First, I think it is unlikely that Justice Stevens or the other three more liberal Justices will be eager to take up this case again. Justice Stevens has expressed his view that he now thinks the death penalty is unconstitutional in all cases, and I surmise that Justices Breyer, Ginsburg and Souter may all be moving in that direction.
Second, though I think Justice Kennedy may be concerned and embarrassed about having his name on a prominent opinion that involves a notable mistake, I am not sure he will want to return a spotlight on these matters. Notably, circuit courts frequently make amendments, without having reargument, to important opinions when petitions for rehearing spotlight flaws. I do not know if the Supreme Court ever has or ever would take this approach, but it might be Justice Kennedy's preference.
Third, I am not sure any of the dissenters in Kennedy really want to return to this battle. They may know that the outcome is unlikely to change, and the Chief and/or other might be disinclined to have a lot of child rape sound and fury signifying nothing. Of course, if the Chief or others think the integrity of the Court is at issue, they may urge and vote for rehearing nonetheless.
Again, these are all rank speculations, and I'd be interested to hear others' views and thoughts.
Monday, July 21, 2008
Louisiana seeks rehearing in Kennedy child rape case (with some notable lawyers helping out)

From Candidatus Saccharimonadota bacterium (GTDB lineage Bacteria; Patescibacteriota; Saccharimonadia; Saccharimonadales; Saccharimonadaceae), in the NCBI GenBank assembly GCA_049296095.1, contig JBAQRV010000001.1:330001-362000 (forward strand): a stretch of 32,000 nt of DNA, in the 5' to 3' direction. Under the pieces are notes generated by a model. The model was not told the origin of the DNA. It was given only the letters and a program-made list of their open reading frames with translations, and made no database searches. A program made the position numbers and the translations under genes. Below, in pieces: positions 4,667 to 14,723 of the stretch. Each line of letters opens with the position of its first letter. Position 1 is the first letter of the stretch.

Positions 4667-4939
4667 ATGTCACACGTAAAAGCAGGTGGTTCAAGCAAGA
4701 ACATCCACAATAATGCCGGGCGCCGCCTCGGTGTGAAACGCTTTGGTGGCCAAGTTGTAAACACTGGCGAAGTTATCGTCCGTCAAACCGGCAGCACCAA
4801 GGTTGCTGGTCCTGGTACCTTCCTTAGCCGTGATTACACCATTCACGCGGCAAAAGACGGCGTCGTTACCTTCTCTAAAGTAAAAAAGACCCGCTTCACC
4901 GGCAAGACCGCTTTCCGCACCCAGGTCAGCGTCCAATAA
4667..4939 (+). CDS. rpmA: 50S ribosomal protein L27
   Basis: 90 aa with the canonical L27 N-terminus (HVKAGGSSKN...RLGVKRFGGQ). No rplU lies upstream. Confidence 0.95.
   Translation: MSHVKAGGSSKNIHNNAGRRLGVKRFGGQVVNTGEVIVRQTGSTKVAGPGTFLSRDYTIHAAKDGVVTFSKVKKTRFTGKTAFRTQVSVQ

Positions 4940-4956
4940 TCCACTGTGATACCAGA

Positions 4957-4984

As detailed in this SCOTUSblog post, "Louisiana on Monday asked the Supreme Court to reconsider its ruling a month ago striking down the death penalty for the crime of child rape." Here are more particulars:
The rehearing petition, citing an omission in the Court’s opinion of any mention of a federal law on that issue, was filed late Monday afternoon. The petition in Kennedy v. Louisiana (07-343) can be found here.
Noting that the Court “almost never grants petitions for rehearing,” the state’s filing said this was “the rare exception.” It cited an 1875 ruling (Ambler v. Whipple), saying that an omission “material to the decision of the case” makes “a strong appeal for reargument.”
The petition said that either the rehearing should be granted, or the Court should “first seek the views” of the U.S. Solicitor General. Earlier, after the discovery of the omitted statute from the Court’s opinion, the Solicitor General’s office said that, if a rehearing plea were filed, it would examine it and “consider what steps are appropriate.”
Under the Court’s rules, a rehearing petition is not subject to oral argument and will not be granted except by a majority of the Court “at the instance of a Justice who concurred in the judgment or decision.” The other side in a case is not allowed to file a response, unless the Court specifically asks it to do so. The Court’s rules add that, unless there are “extraordinary circumstances,” rehearing will not be granted unless a response is first requested.
I found particularly notable two of the names on the rehearing petition: Georgetown University Law Professors Viet Dinh and Neal Katyal. I think it is fair to describe Professor Dinh as a prominent conservative legal star and Professor Katyal as a prominent liberal legal star. I also found notable the final footnote in the rehearing petition, which indicates that the Supreme Court has granted post-ruling rehearing petitions in at least 22 prior cases.